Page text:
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APPRENTICE TO GENIUS: The Making of a Scientific Dynasty

From the author of the best-selling The Man Who Knew Infinity, comes an unprecedented look at the traditional master-apprentice relationship alive today in modern science. Robert Kanigel takes us into the heady world of a remarkable group of scientists working at the National Institutes of Health and the Johns Hopkins University: a dynasty of American researchers who for more than forty years have made Nobel Prize- and Lasker Award-winning breakthroughs in biomedical science. He brilliantly captures the drama of fine minds and explosive personalities at work -- whether Bernard Brodie and Julius Axelrod discovering a new wonder drug called Tylenol or Solomon Snyder and Candace Pert unlocking the chemical secrets of the brain. And as we watch ideas debated, experiments working and failing, careers and relationships tested, and professional honors lost and won, we see close up all that is so deeply human in the practice of science. In a new epilogue to this edition, Kanigel brings us up-to-date on the lives and careers of these unforgettable personalities.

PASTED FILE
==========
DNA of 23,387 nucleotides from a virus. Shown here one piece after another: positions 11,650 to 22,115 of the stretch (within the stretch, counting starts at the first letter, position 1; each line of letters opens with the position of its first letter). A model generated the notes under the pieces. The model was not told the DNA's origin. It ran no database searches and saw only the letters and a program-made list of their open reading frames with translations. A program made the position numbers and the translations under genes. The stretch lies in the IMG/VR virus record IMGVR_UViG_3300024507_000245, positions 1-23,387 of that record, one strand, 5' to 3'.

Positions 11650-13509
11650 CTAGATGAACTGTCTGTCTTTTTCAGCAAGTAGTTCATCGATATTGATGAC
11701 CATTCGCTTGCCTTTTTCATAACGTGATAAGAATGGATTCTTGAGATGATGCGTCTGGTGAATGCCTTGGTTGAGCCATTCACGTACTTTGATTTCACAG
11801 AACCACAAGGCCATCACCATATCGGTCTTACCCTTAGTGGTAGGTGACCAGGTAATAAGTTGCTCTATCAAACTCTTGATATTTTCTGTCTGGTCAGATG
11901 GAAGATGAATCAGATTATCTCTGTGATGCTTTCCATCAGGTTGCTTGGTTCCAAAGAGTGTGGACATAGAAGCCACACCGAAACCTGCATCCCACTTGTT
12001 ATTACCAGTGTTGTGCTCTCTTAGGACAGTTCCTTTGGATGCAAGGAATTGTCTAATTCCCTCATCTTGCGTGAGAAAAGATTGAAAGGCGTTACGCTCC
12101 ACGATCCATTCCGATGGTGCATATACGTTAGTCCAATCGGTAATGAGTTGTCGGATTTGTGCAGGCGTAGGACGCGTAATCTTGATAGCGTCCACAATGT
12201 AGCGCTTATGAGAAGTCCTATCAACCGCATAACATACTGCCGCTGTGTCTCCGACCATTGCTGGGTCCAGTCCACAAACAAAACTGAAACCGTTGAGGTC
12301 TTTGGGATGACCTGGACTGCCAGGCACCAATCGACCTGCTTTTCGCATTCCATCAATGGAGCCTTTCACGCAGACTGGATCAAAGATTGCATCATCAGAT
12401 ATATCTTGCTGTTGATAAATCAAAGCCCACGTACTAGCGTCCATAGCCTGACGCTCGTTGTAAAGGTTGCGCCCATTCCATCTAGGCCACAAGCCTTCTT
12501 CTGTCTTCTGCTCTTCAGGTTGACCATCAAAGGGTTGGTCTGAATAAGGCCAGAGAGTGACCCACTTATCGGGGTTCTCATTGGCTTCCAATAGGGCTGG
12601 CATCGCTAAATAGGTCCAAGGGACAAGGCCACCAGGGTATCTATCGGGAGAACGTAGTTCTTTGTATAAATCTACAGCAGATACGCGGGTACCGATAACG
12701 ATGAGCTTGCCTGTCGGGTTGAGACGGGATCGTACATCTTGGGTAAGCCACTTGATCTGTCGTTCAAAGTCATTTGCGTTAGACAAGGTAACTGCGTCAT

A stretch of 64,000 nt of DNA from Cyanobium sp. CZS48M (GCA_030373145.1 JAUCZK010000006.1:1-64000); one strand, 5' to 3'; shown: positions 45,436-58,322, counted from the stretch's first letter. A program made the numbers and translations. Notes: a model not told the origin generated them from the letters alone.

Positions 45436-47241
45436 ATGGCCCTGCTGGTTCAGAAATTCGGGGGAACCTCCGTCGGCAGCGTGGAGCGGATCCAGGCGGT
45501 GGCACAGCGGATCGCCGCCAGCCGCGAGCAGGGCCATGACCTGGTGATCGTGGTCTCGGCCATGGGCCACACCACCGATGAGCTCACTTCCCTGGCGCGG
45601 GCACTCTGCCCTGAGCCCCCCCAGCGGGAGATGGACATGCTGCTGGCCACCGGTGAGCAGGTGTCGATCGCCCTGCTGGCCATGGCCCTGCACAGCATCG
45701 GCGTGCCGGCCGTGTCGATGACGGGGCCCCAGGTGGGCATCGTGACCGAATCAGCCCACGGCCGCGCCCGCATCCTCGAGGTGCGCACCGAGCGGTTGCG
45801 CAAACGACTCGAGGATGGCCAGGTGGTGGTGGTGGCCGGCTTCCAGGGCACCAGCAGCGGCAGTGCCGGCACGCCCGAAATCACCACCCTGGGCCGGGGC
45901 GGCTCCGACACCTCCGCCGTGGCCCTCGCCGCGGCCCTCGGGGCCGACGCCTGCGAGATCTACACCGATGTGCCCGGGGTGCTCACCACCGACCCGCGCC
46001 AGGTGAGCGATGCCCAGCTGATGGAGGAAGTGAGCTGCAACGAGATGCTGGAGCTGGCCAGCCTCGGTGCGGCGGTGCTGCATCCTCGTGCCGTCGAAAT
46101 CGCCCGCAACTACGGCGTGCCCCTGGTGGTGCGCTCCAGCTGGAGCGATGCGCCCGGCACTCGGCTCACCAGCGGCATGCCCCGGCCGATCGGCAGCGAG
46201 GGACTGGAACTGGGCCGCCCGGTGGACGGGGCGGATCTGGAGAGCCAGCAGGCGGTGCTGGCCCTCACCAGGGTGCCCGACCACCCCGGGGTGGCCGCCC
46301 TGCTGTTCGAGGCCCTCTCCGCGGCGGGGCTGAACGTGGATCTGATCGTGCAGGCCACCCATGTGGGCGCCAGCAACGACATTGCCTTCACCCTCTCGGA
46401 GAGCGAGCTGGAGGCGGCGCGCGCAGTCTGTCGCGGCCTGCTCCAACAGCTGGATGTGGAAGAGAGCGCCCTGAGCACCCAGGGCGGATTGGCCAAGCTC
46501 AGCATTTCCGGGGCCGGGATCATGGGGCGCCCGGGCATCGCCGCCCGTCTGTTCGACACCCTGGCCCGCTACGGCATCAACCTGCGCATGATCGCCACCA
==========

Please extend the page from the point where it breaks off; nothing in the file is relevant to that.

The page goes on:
-- From the Johns Hopkins University Press paperback edition, 1993

Publishing History

Macmillan hardcover, 1986
Johns Hopkins University Press paperback, 1993
Taiwanese edition, Commonwealth Publishing, 1998
Chinese edition, Shanghai Scientific, 2001

Library of Science Book Club selection
Library Journal, Best Sci-Tech Books of 1986

Selected reviews: Publishers Weekly, Washington Post, Baltimore Sun, Chicago Tribune, The Scientist, Chemical and Engineering News, Isis, Bioscience, Science, Journal of the American Medical Association, Nature

Macmillan hardcover, 1986

"A brilliantly written book, and a new kind of book, about what, at the very highest level, can be taught; not information, but investigative style. No one interested in science or quick-cut melodrama should miss Apprentice to Genius. -- Hugh Kenner

"Carries the reader behind the scenes to watch the almost magical cascade of ideas and experiments that are laying the human mind bare -- and which, when added together, probably sum up to the greatest discovery of our century." -- Jon Franklin, two-time Pulitzer Prize winner in science writing

-- From the dustjacket of the original Macmillan hardcover edition, 1986